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How freckles sparked outrage in China: Zara is accused of using an ‘ugly’ model to promote cosmetics

Zara has been accused of ‘uglifying’ China by baring the freckles of a top Chinese model in its latest make-up advertising campaign. 

The Spanish fashion retailer sparked debate after model Li Jingwen, professionally known as Jing Wen, appeared in a lipstick commercial with little make-up and her freckles showing, prompting a backlash among Chinese social media users on Friday. 

Outraged net users blamed the brand for ‘insulting’ and ‘defaming the Chinese’ as it is often considered unattractive for Chinese people to have freckles. For years, clear and, as they see it, ‘unblemished’ skin is the dominant beauty norm in the country. 

Spanish fashion retailer Zara sparked debate after model Li Jingwen, professionally known as Jing Wen, appeared in a lipstick commercial with little make-up and her freckles showing

Outraged social media users blamed the fashion brand for 'insulting' and 'defaming the Chinese' as it is often considered unattractive for Chinese people to have freckles

Outraged social media users blamed the fashion brand for ‘insulting’ and ‘defaming the Chinese’ as it is often considered unattractive for Chinese people to have freckles

‘Does Zara mean to say that all Asian girls have faces fully covered by freckles?’ read one of the comments on the Zara release on Chinese microblogging site Weibo.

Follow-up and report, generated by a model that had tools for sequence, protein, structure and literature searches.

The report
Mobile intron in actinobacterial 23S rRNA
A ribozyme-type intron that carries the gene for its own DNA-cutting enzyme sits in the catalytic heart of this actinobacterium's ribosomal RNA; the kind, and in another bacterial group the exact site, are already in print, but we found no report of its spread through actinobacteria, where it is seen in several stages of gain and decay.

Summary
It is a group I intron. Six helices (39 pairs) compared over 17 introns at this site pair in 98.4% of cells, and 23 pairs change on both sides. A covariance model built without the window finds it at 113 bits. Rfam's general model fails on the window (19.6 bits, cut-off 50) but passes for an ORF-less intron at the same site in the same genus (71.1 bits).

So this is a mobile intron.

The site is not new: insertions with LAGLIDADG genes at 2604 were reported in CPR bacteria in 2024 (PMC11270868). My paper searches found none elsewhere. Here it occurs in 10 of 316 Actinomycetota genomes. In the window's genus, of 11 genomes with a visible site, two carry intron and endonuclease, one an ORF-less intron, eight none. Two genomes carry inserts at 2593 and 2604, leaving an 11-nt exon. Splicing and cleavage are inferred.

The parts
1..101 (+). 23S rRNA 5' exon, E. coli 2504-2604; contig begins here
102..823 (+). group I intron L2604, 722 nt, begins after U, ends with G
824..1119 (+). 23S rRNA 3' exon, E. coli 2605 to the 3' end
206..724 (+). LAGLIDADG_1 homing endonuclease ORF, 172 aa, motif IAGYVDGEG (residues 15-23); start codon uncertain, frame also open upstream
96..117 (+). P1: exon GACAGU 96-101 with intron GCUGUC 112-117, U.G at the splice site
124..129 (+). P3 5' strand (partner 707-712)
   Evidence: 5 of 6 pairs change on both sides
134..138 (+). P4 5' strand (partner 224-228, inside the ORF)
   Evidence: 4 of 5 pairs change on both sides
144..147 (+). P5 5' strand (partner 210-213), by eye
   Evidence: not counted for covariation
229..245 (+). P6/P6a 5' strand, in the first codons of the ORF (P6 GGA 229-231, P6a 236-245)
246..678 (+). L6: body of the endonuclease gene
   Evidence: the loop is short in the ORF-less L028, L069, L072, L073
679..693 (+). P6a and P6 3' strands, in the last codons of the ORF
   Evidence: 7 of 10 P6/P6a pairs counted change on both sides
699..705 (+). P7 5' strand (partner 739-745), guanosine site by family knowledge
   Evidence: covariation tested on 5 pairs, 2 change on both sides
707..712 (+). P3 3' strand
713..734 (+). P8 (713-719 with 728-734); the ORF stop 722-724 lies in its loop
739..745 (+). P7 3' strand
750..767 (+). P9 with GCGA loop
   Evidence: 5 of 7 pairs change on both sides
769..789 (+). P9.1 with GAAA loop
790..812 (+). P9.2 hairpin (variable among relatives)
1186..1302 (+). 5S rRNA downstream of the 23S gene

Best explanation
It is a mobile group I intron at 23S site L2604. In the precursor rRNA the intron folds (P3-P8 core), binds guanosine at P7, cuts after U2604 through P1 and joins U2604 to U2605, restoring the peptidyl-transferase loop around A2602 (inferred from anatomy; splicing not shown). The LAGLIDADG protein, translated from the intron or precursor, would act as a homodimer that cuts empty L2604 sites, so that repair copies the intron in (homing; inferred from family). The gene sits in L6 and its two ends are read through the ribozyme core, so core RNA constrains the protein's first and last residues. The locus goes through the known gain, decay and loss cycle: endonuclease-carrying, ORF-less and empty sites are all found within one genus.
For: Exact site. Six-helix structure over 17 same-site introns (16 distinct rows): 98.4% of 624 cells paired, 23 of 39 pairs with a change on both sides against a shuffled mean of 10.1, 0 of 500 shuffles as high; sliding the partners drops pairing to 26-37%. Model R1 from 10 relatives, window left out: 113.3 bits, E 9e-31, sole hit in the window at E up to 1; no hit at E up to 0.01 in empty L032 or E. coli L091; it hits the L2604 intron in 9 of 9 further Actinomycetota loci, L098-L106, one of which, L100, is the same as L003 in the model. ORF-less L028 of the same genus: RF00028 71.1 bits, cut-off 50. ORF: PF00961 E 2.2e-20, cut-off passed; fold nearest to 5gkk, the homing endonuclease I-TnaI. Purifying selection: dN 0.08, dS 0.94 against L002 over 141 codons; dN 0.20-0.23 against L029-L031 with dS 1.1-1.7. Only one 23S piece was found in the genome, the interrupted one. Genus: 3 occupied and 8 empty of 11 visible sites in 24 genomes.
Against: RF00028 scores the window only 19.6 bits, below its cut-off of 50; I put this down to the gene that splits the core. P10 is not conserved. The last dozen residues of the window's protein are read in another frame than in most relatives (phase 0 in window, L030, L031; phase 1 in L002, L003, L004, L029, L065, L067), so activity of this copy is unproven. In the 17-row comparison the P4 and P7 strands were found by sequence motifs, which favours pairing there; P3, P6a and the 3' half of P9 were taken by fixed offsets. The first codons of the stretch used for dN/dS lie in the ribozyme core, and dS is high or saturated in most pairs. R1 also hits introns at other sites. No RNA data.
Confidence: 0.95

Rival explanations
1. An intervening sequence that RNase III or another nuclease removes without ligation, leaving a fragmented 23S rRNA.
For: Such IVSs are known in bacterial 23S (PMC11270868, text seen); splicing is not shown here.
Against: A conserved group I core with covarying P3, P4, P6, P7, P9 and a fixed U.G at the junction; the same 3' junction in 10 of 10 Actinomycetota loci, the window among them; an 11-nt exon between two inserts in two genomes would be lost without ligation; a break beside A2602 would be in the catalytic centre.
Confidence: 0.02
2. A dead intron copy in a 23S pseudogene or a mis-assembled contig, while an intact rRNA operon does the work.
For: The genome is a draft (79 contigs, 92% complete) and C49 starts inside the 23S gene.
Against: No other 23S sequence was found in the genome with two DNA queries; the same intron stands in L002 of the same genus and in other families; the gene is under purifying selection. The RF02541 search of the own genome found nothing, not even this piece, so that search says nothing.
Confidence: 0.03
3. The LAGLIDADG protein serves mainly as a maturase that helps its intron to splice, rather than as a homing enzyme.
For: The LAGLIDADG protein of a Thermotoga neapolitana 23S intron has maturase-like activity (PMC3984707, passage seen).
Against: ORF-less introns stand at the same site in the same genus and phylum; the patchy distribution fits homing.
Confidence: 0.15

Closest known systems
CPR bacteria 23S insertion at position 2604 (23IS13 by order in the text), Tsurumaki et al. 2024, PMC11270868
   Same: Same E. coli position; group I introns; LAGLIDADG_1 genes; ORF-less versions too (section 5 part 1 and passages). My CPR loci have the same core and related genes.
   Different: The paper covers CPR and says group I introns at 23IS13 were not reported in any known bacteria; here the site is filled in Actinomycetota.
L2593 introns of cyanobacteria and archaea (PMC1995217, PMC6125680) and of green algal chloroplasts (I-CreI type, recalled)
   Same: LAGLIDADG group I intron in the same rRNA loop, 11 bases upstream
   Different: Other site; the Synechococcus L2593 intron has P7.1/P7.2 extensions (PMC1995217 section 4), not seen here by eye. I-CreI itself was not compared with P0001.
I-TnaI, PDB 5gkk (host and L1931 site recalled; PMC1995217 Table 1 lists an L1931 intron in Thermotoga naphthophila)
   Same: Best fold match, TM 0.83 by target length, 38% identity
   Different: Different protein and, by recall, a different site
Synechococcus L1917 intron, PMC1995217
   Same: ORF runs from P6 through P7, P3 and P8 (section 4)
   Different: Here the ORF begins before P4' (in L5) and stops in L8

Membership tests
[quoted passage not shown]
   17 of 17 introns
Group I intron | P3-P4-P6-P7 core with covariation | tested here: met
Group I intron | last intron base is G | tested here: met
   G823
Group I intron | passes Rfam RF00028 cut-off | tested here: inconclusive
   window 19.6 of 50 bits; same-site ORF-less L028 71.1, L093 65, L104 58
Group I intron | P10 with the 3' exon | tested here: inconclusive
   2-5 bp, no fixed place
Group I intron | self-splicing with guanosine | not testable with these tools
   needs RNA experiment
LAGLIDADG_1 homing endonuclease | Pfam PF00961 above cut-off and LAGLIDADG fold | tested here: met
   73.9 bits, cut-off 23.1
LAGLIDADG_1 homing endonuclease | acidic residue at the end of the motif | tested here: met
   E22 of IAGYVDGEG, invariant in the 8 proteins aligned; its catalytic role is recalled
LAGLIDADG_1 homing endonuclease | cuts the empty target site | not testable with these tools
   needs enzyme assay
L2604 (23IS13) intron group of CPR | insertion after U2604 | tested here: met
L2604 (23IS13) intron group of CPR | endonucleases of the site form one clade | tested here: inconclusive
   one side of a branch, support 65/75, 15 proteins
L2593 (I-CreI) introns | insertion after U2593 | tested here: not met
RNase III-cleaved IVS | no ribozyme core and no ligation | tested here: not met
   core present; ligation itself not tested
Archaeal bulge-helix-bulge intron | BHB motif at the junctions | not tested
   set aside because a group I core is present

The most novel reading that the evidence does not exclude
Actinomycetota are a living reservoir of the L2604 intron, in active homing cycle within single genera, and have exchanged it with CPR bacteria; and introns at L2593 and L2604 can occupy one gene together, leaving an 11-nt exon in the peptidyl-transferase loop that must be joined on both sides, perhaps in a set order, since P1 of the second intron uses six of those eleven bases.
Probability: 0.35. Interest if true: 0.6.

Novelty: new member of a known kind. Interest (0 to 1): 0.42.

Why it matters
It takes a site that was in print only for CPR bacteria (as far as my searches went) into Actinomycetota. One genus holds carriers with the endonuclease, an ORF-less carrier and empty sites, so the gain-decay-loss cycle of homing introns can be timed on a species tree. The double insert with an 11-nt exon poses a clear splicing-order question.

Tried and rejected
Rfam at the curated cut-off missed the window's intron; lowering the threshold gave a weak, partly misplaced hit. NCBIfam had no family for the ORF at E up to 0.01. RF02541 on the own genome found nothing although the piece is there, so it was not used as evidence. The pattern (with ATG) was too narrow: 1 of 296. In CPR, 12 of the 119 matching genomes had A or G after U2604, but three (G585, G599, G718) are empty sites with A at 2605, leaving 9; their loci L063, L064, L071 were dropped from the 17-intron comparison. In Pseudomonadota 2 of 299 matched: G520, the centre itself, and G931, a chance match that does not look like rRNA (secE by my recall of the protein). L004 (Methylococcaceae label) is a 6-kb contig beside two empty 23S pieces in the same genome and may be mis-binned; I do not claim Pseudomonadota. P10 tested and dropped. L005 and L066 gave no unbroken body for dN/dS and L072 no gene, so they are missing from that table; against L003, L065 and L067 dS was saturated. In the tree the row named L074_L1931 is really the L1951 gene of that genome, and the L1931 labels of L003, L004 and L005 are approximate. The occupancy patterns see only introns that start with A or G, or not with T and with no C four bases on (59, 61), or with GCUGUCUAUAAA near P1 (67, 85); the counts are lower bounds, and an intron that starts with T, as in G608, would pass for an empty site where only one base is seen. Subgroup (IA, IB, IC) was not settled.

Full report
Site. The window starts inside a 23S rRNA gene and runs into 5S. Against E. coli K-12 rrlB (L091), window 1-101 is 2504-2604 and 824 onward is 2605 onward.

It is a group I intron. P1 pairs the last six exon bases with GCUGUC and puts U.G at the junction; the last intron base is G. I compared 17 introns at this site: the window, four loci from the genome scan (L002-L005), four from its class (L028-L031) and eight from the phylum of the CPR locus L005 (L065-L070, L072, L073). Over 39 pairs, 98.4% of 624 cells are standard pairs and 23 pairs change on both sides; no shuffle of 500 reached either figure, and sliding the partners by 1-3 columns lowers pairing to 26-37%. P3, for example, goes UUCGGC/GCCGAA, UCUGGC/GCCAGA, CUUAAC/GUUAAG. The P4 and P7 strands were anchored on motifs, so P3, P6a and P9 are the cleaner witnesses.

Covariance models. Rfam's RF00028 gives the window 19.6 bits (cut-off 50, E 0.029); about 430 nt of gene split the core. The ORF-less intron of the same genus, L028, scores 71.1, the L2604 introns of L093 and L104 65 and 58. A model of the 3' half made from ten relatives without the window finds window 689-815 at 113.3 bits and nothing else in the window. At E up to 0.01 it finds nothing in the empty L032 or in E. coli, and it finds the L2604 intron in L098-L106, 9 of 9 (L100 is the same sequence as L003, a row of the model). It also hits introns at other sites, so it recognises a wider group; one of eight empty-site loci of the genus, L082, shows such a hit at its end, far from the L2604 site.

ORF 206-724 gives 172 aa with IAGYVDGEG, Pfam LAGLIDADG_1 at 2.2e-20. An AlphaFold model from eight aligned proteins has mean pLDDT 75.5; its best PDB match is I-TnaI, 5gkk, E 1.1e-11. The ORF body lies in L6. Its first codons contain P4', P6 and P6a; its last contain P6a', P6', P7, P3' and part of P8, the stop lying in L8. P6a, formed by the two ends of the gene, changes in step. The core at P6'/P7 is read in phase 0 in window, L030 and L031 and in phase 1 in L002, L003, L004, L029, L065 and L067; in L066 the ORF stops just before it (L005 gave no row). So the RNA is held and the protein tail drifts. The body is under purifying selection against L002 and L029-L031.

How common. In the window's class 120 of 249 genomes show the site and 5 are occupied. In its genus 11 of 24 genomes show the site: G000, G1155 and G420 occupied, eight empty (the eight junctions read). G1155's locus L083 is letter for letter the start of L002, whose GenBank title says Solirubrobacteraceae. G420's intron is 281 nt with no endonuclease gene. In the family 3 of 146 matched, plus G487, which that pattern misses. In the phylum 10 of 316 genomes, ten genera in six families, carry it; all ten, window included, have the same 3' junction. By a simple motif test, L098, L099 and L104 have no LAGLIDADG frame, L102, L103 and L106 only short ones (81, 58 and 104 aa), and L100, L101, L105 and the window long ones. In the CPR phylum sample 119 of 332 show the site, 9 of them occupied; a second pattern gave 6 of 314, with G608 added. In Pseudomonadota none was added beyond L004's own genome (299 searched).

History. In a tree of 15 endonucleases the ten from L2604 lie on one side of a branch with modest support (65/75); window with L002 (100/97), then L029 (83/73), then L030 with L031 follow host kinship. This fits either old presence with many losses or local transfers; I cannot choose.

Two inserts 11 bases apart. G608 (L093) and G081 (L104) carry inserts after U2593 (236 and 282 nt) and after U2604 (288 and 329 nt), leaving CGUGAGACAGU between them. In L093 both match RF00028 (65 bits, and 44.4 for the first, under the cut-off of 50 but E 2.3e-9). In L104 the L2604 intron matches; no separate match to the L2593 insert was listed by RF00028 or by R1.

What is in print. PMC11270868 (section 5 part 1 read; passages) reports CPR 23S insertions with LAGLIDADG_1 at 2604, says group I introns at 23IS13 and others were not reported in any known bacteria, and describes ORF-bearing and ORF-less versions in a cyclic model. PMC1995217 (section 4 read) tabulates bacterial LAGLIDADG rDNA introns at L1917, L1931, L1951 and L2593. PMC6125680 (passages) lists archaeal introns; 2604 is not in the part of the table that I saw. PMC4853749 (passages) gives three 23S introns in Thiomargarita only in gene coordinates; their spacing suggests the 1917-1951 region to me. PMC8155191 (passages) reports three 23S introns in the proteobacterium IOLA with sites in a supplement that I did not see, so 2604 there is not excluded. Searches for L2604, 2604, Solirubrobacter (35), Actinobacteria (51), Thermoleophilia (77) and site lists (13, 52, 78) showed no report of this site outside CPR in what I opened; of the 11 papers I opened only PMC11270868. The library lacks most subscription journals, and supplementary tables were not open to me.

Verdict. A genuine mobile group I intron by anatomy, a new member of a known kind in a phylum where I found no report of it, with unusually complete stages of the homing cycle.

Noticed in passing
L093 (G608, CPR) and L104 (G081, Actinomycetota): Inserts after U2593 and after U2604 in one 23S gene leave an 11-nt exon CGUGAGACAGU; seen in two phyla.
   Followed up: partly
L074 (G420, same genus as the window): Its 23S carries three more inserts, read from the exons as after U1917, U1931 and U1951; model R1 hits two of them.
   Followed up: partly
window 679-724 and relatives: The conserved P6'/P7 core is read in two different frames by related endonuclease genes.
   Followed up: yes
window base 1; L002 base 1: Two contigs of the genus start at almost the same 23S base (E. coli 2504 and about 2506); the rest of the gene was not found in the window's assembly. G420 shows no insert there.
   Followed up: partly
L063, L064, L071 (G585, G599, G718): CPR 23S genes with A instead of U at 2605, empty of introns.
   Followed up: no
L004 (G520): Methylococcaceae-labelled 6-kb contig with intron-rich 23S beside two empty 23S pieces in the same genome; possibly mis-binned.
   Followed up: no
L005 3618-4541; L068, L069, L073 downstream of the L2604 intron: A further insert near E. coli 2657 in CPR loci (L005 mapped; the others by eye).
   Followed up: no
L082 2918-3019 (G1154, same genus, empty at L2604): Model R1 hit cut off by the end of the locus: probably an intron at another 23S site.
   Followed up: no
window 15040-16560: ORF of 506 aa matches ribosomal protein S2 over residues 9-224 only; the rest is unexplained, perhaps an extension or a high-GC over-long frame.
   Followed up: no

‘Sorry, but us Asian girls don’t have freckles. Even if we do, it’s only a small proportion of us,’ wrote another user.  

‘Such pictures featuring an Asian model with freckles and an expressionless pie-shaped face mislead Westerners’ impressions about Asian women and can lead to racism against Asian women,’ one person accused.  

Some even called Li’s appearance ‘ugly’.  

Jing Wen, who is from Guangzhou, southern China, is one of the country's top models and has been featured on the cover of Vogue China and in adverts for Calvin Klein, H&M and Prada

She said in an 2016 interview with Vogue that she used to hate her freckles

Jing Wen, who is from Guangzhou, southern China, is one of the country’s top models and has been featured on the cover of Vogue China and in adverts for Calvin Klein, H&M and Prada. She said in an 2016 interview with Vogue that she used to hate her freckles

For years, clear and 'unblemished' skin is the dominant beauty norm in China (file photo)

For years, clear and ‘unblemished’ skin is the dominant beauty norm in China (file photo)

Others jumped to her defense and called for acceptance of different perceptions natural beauty. 

‘I think she looks beautiful and unique,’ one user said. 

‘Some people are just born with freckles. People are getting offended because they’ve never seen unphotoshopped images of models, leading them to think that all Chinese models have flawless skin,’ another said. 

‘This Chinese model is suffering discrimination from her compatriots – what is going on?’ another user said.